Aristolochia is not alone in the world of bug attracting plants or fungi when it uses a fragrance resembling rotting meat as bait. The unique feature of this plant comes in the trapping strategy that is employed. When a fly is lured down the one-way, hairy tube into the bulbous chamber that serves to hold it’s captor, the flowers reproductive structures are encountered. During the fly’s exploration of the chamber, with no way out, pollen granules adhere to the fly’s body. Amazingly, within a day or so, the stiff hairs blocking the tubular entrance to the prison gradually relax or breakdown, allowing the fly to escape. Scientists who study these flowers all concur that a fly must have a very short memory because it isn’t long before the recent captor ventures into another Aristolochia trap to complete the flower’s pollination process.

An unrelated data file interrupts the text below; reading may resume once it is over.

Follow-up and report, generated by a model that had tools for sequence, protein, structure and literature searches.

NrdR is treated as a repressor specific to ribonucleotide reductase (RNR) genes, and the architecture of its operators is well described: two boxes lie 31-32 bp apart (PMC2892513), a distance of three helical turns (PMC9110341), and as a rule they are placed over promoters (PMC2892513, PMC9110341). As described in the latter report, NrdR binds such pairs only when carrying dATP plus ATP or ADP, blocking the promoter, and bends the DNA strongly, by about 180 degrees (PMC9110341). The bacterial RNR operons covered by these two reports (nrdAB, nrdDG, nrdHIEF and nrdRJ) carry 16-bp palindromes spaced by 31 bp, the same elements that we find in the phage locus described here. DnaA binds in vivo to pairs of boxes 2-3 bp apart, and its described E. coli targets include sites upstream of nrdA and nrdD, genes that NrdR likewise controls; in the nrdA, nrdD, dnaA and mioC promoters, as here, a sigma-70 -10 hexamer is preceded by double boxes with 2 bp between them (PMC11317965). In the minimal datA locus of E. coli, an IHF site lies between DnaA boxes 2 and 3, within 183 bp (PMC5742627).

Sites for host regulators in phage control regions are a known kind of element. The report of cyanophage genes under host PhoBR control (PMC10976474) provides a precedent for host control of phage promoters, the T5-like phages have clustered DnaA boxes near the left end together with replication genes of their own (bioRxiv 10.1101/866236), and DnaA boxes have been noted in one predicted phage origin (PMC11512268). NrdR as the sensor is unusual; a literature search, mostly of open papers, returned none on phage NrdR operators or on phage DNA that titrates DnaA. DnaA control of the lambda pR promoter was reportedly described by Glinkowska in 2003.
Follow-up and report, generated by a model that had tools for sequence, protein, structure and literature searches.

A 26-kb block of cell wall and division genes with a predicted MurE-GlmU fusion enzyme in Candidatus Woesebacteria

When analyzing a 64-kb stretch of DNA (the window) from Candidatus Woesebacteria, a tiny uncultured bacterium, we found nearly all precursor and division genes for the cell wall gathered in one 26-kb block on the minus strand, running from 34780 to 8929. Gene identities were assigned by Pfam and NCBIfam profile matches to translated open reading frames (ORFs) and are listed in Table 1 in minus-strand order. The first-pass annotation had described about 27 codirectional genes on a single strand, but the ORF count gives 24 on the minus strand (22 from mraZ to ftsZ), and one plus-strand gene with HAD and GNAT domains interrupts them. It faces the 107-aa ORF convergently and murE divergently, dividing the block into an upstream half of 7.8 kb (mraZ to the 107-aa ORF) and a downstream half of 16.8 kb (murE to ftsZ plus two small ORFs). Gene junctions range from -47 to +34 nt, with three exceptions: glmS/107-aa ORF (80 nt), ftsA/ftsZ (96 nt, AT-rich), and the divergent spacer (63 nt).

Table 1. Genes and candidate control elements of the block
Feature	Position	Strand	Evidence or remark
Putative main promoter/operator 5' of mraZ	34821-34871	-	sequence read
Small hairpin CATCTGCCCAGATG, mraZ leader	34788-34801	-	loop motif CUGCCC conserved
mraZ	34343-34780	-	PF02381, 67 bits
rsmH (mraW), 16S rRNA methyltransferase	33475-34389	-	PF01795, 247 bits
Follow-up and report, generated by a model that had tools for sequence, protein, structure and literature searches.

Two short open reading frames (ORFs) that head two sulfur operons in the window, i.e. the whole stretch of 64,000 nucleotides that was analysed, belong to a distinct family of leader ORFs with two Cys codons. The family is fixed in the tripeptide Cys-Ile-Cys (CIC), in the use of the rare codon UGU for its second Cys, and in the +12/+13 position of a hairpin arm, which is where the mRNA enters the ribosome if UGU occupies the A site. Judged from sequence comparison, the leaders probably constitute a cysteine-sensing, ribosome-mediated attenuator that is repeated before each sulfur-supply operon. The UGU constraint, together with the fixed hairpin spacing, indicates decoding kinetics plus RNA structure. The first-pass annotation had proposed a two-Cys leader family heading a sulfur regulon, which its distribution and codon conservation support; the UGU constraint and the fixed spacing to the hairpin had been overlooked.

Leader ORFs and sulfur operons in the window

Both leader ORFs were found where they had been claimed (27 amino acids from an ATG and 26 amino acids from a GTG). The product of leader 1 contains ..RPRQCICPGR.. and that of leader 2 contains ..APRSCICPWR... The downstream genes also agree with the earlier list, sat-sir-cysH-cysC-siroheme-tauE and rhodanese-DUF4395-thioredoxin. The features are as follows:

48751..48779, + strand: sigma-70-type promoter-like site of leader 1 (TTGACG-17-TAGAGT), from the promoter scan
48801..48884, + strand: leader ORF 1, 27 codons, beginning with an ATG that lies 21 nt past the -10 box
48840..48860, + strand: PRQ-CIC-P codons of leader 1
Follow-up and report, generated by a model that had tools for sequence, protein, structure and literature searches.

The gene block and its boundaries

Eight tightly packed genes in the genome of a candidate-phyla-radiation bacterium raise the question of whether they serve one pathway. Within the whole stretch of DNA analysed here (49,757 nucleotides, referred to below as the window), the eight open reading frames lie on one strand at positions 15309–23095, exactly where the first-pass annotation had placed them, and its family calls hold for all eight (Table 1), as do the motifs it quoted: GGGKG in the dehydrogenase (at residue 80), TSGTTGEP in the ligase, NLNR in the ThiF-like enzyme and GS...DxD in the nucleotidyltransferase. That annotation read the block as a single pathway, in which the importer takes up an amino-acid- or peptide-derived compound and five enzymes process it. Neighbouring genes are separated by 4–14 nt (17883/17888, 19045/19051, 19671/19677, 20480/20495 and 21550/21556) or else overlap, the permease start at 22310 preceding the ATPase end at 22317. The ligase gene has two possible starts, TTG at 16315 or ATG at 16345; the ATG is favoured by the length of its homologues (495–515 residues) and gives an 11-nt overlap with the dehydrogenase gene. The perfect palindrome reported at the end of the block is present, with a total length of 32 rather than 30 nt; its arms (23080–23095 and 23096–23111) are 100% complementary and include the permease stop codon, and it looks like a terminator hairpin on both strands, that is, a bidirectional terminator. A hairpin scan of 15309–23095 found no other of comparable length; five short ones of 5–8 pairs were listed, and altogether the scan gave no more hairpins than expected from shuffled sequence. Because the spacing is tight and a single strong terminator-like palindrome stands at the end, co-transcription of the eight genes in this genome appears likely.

Tiny hairs lining the tube leading to the chamber prevent escape, for a time.
The flower itself is an amazing structure of graceful lines, purplish-brown calico patterns and a bulbous reproductive chamber. However, the story behind the marvelous reproductive strategy of the plant is the hidden gem. Be aware though, that this is not a plant that would be recommended for our Panhandle flower gardens due to its habit of invading wildlands. Oh, now that you’ve struggled through this entire article trying to pronounce Aristolochia in your head, here is how you say it: uh-wrist-oh-low-kee-uh. Good luck with that.
Dog Star nights Astro Bob
The “Dog Days” are the hottest, muggiest days of summer. In the northern hemisphere, they usually fall between early July and early September. The actual dates vary greatly from region to region, depending on latitude and climate. In Northwest Florida, the first weeks of August are usually the worst. So, get out before it gets hotter.